Jun 112014
 

https://support.avaya.com/downloads/download-details.action?contentId=C20145311538319080_3&productId=P0599&releaseId=UNIStim%205.x

Updated my Google doc table of IP Phone firmware:

Sep 172013
 

Avaya CS1000 IP Phone registration process, DHCP (c) 2013 John Williams, DATARAVEIn my 3rd company blog article, I talked about DHCP and auto configuration via DHCP. There are fifteen different feature groups (IP Deskphones Fundamentals, NN43001-368, Appendix B: Provisioning the IP Phones) and 100+ different settings configurable via DHCP (I didn’t count them, I’m estimating). Some of the gotchas I’ve learned over the years are as follows:

  • As noted in the 3rd blog post, Stickiness can cause deployment issues for refurb phones– Always add a factory reset to your troubleshooting efforts (**RENEW[MAC]##), which was introduced in UNIStim 3.0, otherwise your refurb phone may not operate as expected when first deployed.
  • When you have multiple Signaling Servers– Always make sure that both Sig Servers are using the same IP Phone firmware, otherwise your phones may “upgrade” to an earlier firmware release when they failover, resulting on extended and unexpected downtime.
  • Know your current UNIStim firmware. There have been issues in the past where newer IP Phone hardware requires a minimum firmware level, which means that all IP Phones in the environment must be upgraded in order to deploy new phones.
  • Learn how to use PRT TNB commands in LD 20 and STAT IP commands in LD 117 (I’m actually planning on doing a future blog post on this topic, since the LD 117 commands can be used to also inventory your IP phones)–
    • Make sure that the TNB is programmed, otherwise you’ll get SRPT062/SRPT0062 – Request to register TN rejected. Reason = UNEQUIPPED.
    • Make sure the set isn’t deployed elsewhere, otherwise you’ll get SRPT062/SRPT0062 – Request to register TN rejected. Reason = DUPLICATE.
    • Make sure the set is the right TYPE, otherwise you’ll get SRPT062/SRPT0062 – Request to register TN rejected. Reason = WRONGTYPE.
    • Make sure the set is of the right TN_TYPE (covered in part 2 of the company series), otherwise you’ll get SRPT062/SRPT0062 – Request to register TN rejected. Reason = CANNOTCONVERT
      • 2004P1, 2004P2, 2210, 2211, 2007, 1140, 2050PC, 2050MC, 6140
      • 2002P1, 2002P2, 1120, 1220, 6120
      • 2001P2, 2033, 1110, 1210
      • 1230
      • 1150
  • Know how to troubleshoot your data network– Always make sure that your provisioning method is supported in the subnet where the IP phone is being deployed and know how to check the data network configuration, otherwise your phone might get stuck at “Starting DHCP…” or “Connecting to S1…” (or “Connecting to S2…”)
    • I can’t tell you how many times I’ve seen a telecom tech install an IP Phone into a brand new subnet which has no DHCP configuration options, or a new data switch without correct VLAN settings, and then request help– only to be landed with a bill for not setting up the new subnet correctly.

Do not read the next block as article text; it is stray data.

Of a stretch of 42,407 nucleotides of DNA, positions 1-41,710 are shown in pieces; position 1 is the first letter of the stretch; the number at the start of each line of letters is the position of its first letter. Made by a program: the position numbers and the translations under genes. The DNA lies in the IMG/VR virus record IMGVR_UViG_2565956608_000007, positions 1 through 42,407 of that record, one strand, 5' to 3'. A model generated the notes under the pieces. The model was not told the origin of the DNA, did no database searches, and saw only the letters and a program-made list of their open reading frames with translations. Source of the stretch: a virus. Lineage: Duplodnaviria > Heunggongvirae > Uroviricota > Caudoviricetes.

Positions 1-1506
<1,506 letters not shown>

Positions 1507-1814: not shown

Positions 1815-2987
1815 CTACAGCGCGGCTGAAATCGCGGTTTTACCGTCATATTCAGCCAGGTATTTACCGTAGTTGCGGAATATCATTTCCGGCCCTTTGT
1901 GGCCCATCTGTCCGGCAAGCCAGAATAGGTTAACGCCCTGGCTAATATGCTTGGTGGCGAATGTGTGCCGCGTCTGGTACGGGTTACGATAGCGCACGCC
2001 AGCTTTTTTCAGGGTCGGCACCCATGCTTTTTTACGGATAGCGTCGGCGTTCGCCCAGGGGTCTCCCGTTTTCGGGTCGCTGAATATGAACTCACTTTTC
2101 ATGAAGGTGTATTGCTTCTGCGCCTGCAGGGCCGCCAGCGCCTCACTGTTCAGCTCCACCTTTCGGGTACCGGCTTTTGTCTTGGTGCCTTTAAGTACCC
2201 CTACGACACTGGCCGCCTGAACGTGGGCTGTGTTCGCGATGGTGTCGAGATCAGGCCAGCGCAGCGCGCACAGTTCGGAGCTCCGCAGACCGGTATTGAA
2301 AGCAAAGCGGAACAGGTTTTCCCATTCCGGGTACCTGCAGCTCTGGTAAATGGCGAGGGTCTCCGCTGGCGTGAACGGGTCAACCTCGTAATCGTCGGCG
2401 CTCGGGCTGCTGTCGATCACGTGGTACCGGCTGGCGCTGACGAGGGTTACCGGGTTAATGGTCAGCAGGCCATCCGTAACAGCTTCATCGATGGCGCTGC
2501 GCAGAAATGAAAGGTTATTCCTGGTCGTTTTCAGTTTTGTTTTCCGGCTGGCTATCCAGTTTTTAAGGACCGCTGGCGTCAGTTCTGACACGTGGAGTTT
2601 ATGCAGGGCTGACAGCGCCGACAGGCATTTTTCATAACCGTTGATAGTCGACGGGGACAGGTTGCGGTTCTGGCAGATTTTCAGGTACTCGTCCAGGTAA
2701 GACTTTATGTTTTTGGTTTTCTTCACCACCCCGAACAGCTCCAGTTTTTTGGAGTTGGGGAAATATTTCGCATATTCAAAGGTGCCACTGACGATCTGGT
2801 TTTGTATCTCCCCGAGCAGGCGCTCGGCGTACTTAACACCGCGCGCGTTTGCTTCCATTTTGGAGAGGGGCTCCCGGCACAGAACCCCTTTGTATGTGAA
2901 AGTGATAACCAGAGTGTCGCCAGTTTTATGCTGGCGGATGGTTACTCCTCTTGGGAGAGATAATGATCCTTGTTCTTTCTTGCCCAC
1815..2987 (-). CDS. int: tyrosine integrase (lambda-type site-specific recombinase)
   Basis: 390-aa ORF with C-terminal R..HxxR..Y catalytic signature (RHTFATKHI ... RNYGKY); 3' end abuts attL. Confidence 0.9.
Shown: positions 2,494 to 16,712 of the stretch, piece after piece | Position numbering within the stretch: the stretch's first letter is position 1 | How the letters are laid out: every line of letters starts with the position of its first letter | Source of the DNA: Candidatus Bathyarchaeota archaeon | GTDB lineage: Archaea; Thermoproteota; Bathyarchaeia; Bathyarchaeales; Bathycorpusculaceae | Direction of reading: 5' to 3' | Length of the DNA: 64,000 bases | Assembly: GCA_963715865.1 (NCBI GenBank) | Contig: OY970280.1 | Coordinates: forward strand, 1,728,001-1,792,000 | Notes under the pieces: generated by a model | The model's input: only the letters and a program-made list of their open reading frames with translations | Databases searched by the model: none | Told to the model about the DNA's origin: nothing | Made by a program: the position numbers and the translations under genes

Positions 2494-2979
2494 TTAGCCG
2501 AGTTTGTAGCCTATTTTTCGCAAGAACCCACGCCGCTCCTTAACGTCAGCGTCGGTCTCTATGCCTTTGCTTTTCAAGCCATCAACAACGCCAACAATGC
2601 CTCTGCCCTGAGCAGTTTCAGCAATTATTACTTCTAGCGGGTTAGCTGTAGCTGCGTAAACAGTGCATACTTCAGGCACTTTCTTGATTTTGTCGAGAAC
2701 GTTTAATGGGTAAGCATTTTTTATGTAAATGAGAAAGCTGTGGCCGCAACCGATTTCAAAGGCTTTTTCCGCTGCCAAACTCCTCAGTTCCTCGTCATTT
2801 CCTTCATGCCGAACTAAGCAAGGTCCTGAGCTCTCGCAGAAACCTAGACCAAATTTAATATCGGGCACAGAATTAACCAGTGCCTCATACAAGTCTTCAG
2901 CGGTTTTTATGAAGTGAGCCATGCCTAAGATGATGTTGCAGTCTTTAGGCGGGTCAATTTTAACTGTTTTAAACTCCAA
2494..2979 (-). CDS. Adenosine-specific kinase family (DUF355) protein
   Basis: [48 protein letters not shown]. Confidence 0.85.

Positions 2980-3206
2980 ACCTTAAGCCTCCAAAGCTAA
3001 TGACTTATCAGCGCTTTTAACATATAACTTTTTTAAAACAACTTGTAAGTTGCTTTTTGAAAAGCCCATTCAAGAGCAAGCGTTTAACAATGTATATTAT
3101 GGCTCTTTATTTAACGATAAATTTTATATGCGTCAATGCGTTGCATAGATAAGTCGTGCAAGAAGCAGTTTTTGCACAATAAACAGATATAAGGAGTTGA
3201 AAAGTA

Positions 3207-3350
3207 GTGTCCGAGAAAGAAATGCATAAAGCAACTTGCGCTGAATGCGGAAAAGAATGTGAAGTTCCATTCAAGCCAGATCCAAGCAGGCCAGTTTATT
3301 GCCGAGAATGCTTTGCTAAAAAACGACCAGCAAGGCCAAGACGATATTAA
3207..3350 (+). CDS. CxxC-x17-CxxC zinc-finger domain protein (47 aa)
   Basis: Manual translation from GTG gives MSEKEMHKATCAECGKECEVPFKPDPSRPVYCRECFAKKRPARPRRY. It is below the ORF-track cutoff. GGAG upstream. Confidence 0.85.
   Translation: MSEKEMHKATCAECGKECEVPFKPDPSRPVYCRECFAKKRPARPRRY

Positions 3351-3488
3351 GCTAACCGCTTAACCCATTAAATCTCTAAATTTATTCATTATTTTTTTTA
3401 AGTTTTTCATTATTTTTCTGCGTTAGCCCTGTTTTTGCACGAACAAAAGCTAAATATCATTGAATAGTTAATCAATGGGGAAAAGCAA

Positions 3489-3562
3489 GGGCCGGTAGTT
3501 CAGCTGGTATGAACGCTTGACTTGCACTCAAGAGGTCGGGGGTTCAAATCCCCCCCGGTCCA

Another thing that I find extremely helpful is learning the provisioning cycle and the status messages which display on the IP Phone during boot up:

Provisioning Step Display message
LLDP Waiting for Cfg Data…
DHCP Starting DHCP…
Manual Provisioning Prov. 192.168.0.254 (or whatever IP you have)
system.prv reading…
(system.prv failed may display)Attempting TFTP…
Registration (pre-connect) Connecting to S1
Connecting to S2
Registration (post-connect) Connect Svc
Node & TN
Connect Svc
Forwarding…

This way, if you get stuck at a particular phase, you know where and can use that to determine your next troubleshooting step. For example;

  • If you get stuck at “Starting DHCP…” then you should check (a) is your DHCP server still running, (b) are you in a subnet that provides the DHCP options you need, (c) can your IP phone reach the DHCP server, (d) does the IP Phone firmware support the features you’re trying to push to it?
  • If you get stuck at “Attempting TFTP…”, (a) is your TFTP server still running, (b) can you IP Phone reach your TFTP server, (c) are your PRV files correctly configured?
  • If you get stuck at “Connecting to S1” (or S2), (a) is your IP Phone in the right VLAN, (b) Can the IP Phone reach the signaling server, (c) is the signaling server still running?
  • If you get stuck at “Connect Svc Forwarding…” then there is something wrong with your signaling server– it’s responded to the initial connect request, and it’s forwarded the request to the signaling server but the signaling server isn’t responding correctly to complete the registration process.

Aug 272013
 

Last week I talked about an overview of  the registration process and the different phases for the Avaya IP Phone registration process. This week my contribution to the company blog covers the essential information needed to deploy any IP phone. Understanding IP Phone deployment, essential information needed for all deployment scenarios. Part two of a six part series.